An Examination of the Gendered Effects of Trade Liberalization

  • Karen C. Melanson
Keywords: women, trade liberalization, economic development, human development, trade policy, international development, gender analysis, feminization of labor, informal labor

Abstract

This article explores an emerging argument that traditional definitions of trade liberalization actually hinder or even reverse women's gains in the worldwide marketplace. The article begins by exposing some of the flaws in traditional economic theories that lead to an overemphasis on statistical indicators of growth rather than more holistic measures of progress that consider socioeconomic status of poorer countries' citizens most notably women. The author purports that in reality women who have taken jobs in the factories and fields created as a result of outsourcing by developed countries' trade liberalization policies face a declining ability to provide valuable, although largely ignored informal work, including raising children and providing domestic care for their households. The value of this informal work to the global economy is estimated to be in the trillions of dollars. The author concludes by offering recommendations for future research into the effects of trade liberalization on women and the effects of lost informal or domestic, work on the global economy.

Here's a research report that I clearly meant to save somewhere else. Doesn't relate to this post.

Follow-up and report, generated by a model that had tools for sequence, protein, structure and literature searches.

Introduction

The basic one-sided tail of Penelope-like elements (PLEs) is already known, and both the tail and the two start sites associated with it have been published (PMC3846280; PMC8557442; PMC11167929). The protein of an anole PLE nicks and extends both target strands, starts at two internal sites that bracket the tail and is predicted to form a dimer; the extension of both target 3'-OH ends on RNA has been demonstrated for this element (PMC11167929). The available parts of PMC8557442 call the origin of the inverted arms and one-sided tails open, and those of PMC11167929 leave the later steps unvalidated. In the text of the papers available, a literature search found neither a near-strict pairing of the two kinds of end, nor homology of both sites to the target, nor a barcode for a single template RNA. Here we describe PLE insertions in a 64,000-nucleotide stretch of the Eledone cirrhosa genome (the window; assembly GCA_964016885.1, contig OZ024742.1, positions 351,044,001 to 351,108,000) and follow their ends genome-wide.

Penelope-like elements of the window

Author Biography

Karen C. Melanson
Karen Melanson will graduate in May 2005 from The George Washington University with a Master of Public Policy. She holds a Bachelor of Arts in communication from Tulane University. Ms. Melanson is currently a research assistant at The George Washington Institute of Public Policy.
Published
2005-05-01
Section
Articles